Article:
skip navigation

PUBLICATIONS

Register for Latest Research

Stay Informed
Register with NCJRS to receive NCJRS's biweekly e-newsletter JUSTINFO and additional periodic emails from NCJRS and the NCJRS federal sponsors that highlight the latest research published or sponsored by the Office of Justice Programs.

NCJRS Abstract

The document referenced below is part of the NCJRS Virtual Library collection. To conduct further searches of the collection, visit the Virtual Library. See the Obtain Documents page for direction on how to access resources online, via mail, through interlibrary loans, or in a local library.

 

NCJ Number: 136995 Find in a Library
Title: Written Testimony Presented to the U.S. House and Labor Subcommittee on Human Resources: Hearing on the Reauthorization of the Juvenile Justice and Delinquency Prevention Act, March 16, 1992
Author(s): T Ford
Date Published: 1992
Page Count: 4
Sponsoring Agency: National Institute of Justice/
Rockville, MD 20849
NCJRS Photocopy Services
Rockville, MD 20849-6000
Sale Source: National Institute of Justice/
NCJRS paper reproduction
Box 6000, Dept F
Rockville, MD 20849
United States of America

NCJRS Photocopy Services
Box 6000
Rockville, MD 20849-6000
United States of America
Document: PDF
Type: Legislative Hearing/Committee Report
Format: Document
Language: English
Country: United States of America
Annotation: This testimony before the U.S. House and Labor Subcommittee on Human Resources regarding the Reauthorization of the Juvenile Justice and Delinquency Prevention Act is from a 16-year-old girl who affirms the value of funding for programs like the P.A.C.E. Center for Girls in Jacksonville, Fla. which was instrumental in helping her achieve positive educational and social development.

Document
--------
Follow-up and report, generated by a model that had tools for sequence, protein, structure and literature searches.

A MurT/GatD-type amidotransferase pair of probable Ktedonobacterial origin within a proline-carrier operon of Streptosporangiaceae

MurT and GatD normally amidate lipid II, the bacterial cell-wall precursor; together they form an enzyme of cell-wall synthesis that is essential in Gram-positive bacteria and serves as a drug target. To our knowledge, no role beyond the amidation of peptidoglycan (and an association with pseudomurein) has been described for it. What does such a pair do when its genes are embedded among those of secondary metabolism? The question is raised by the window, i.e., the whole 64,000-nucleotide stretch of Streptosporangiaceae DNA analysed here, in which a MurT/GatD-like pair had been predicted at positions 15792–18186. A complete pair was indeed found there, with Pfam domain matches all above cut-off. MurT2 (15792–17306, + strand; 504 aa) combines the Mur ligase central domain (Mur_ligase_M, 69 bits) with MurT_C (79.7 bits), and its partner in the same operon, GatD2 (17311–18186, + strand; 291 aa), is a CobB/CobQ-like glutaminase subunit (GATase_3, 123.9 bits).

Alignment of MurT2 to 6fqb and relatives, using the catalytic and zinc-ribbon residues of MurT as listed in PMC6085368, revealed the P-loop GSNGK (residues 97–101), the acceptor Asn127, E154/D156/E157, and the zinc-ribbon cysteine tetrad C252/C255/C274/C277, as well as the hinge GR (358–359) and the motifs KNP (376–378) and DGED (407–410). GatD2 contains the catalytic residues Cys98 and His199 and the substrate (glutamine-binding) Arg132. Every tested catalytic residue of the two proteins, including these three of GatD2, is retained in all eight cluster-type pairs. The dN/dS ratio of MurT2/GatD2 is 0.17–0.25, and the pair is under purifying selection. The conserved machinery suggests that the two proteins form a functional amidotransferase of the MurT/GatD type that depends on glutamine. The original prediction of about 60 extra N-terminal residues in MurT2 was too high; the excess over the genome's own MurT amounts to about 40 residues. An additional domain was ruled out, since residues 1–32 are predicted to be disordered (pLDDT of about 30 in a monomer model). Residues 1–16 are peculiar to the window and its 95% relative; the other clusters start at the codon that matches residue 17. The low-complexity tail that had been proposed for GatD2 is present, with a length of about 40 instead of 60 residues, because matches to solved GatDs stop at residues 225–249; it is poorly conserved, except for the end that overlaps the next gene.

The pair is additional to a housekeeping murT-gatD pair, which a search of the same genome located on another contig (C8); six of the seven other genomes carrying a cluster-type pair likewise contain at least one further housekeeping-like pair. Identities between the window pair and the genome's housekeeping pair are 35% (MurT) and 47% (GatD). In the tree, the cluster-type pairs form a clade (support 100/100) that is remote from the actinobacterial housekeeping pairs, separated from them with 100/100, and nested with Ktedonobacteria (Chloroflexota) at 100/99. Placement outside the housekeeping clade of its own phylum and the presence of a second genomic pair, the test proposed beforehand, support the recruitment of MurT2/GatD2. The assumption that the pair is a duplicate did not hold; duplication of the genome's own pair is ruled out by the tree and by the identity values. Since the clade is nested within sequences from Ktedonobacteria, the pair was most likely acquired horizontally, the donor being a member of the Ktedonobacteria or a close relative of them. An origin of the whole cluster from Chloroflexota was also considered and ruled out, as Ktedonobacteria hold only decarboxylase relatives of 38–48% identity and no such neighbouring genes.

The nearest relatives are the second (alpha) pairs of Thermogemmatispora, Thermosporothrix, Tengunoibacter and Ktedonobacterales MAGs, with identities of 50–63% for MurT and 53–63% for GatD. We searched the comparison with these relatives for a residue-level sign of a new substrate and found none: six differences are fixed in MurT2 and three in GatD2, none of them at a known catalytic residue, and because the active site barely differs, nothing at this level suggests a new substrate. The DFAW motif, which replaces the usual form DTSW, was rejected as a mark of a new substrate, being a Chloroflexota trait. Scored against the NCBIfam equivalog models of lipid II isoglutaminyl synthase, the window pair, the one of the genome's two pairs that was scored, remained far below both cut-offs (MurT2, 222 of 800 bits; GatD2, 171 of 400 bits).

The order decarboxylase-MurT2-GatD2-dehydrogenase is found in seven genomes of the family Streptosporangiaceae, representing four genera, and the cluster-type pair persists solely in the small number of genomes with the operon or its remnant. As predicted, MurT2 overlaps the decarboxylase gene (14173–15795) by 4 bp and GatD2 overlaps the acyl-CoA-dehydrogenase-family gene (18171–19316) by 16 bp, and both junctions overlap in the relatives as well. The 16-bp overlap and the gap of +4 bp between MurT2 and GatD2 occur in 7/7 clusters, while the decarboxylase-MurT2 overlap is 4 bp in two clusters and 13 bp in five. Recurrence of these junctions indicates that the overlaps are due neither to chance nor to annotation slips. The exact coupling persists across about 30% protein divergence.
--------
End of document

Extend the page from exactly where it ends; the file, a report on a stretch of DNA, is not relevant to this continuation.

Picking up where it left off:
Abstract: Talaya Ford recounts her family background. Her father has been in prison since she was 2 years old, and her mother became a drug addict when Talaya was 6 years old. She lived with her grandparents until she was 10 years old, when her grandmother died, and she went to live again with her mother in Jacksonville. Conflicts with her mother compelled her to leave home, but she was retrieved through a custody order. She eventually was placed in a succession of unsatisfactory foster homes, from which she also ran away. After difficulty living with friends and on the street, she turned herself into the police, was referred to social services, and eventually was returned to her mother. Their relationship improved, but the most effective service came when she enrolled in the P.A.C.E. Center for Girls. There she received an academic education and learned life skills. She has earned her high school diploma, is currently taking a computer course through the community college while working part time, and plans to enroll in a college nursing program.
Main Term(s): Juvenile educational services; Juvenile Justice and Delinquency Prevention Act
Index Term(s): Foster homes; Juvenile delinquency prevention programs
To cite this abstract, use the following link:
http://www.ncjrs.gov/App/publications/abstract.aspx?ID=136995

*A link to the full-text document is provided whenever possible. For documents not available online, a link to the publisher's website is provided. Tell us how you use the NCJRS Library and Abstracts Database - send us your feedback.